Atezolizumab plus Bevacizumab for treatment of liver cancer

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July 13th 2021: A novel medication for people with a kind of liver cancer called hepatocellular carcinoma is available that appears to be better than standard therapy (HCC). The Food and Drug Administration (FDA) approved atezolizumab (Tecentriq) and bevacizumab (Avastin) as first-line treatments for persons with advanced liver cancer who cannot be treated surgically.

Liver cancer treatment

Patients with liver cancer treated with Atezolizumab with Bevacizumab lived significantly longer than those treated with sorafenib in the IMbrave150 study that resulted to the approval (Nexavar). They were also able to live longer without their cancer progressing. The outcomes of the study were published in the New England Journal of Medicine on May 14th.

One of the study’s experts, Richard Finn, M.D., of the University of California, Los Angeles, said, “This is a major advance for patients.” “This is something that clinicians who treat these patients have been asking for for a long time, and it is a huge step forward.”

Atezolizumab is an immune checkpoint inhibitor, which means it helps the immune system find and kill cancer cells. Bevacizumab is a targeted medication that starves tumours by inhibiting the growth of new blood vessels.

Another targeted therapy, sorafenib, inhibits the formation of blood vessels and cancer cells. Sorafenib was the first medicine approved by the FDA in 2007 to treat certain HCC patients.

According to Tim Greten, M.D., deputy chief of the NCI’s Center for Cancer Research’s Thoracic and GI Malignancies Branch, the only therapies for HCC that have been licenced since 2007 are no more effective than sorafenib.

In an editorial, Robin Kelley, M.D., of the UCSF Helen Diller Family Comprehensive Cancer Center, stated that not only was the atezolizumab–bevacizumab combination more effective, but it also resulted in “strikingly better patient-reported outcomes,” such as physical capacities.

According to Dr. Greten, the combo regimen will likely replace sorafenib as the usual first-line treatment for some persons with advanced HCC.

Adding to immune checkpoint inhibitors

Liver cancer is frequently identified after it has progressed outside the liver or become interwoven with several blood arteries, making surgery impossible to treat.

Sorafenib and lenvatinib (Lenvima), another medicine that slows blood vessel formation, are the sole options for persons with liver cancer who can’t be treated with surgery (is inoperable).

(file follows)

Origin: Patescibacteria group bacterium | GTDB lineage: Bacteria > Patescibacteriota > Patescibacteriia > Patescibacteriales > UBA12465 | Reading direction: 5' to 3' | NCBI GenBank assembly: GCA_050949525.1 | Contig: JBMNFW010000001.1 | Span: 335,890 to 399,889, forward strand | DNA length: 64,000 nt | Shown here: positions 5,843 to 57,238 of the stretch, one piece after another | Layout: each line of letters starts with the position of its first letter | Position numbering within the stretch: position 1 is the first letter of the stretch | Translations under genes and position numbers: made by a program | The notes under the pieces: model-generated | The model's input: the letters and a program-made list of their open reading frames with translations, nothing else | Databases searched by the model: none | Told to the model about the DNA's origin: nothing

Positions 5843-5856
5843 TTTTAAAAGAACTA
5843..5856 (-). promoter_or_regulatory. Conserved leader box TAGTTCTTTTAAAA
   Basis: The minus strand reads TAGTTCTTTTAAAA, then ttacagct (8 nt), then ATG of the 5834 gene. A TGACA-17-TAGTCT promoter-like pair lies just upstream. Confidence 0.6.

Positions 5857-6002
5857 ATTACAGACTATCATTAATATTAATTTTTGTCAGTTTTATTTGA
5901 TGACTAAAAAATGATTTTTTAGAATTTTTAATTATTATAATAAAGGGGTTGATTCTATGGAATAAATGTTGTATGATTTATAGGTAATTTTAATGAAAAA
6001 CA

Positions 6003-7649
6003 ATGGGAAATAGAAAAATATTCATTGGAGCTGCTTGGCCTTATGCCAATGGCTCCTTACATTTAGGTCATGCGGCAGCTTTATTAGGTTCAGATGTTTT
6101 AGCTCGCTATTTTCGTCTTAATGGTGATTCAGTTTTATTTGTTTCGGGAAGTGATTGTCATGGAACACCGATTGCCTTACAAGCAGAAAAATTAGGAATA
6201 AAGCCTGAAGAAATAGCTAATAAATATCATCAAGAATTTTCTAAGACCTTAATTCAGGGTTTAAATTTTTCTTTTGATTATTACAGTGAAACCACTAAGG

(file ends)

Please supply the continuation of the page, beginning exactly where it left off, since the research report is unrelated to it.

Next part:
Immune checkpoint inhibitors were explored as first-line therapies for liver cancer in a few clinical studies, but they were found to be ineffective on their own. Scientists discovered that excessive amounts of a protein called VEGF may hinder immune checkpoint drugs from working after further investigation.

According to Dr. Finn, VEGF induces the creation of new blood vessels and alters the quantity and type of immune system cells in and around tumours.

Because bevacizumab inhibits VEGF, researchers from Genentech and a number of medical institutions compared atezolizumab to bevacizumab in a limited study of patients with liver cancer. They reported in 2019 that the combination was more successful than atezolizumab alone and had manageable adverse effects. The IMbrave150 study is a follow-up to the previous one.

Safety of Atezolizumab Plus Bevacizumab

The combo medication caused several negative effects in many patients. Overall, though, patients appeared to tolerate both medicines, according to Dr. Greten.

The two groups had equal incidence of side effects and fatalities from side effects. However, the combo group had more patients who experienced any major adverse effects (38 percent versus 31 percent ).

Because of side effects, fewer patients in the combo group paused or modified the dose of their therapy (50 percent versus 61 percent in the sorafenib group). Only 7% of patients in the combination group stopped taking both medications due to adverse effects, despite the fact that more patients in the combination group stopped taking one of the drugs (16% versus 10%).

Because of its impact on blood arteries, bevacizumab can cause bleeding, according to Dr. Greten. He stated that liver cancer can also create changes that increase the risk of bleeding, such as low platelet counts.

“There were a few more bleeding episodes in the atezolizumab, bevacizumab arm, but they were still very low as a percentage,” Dr. Finn added. In both groups, 6% of patients experienced significant bleeding as a result of bevacizumab treatment.

According to Dr. Greten, “it will be critical to select the suitable patient population” for the combo treatment. Before starting the medication, patients may need to obtain standard tests to check for bleeding risk factors, he said.

Dr. Kelley said, “Alternative therapy should be investigated for patients at high risk of bleeding.”

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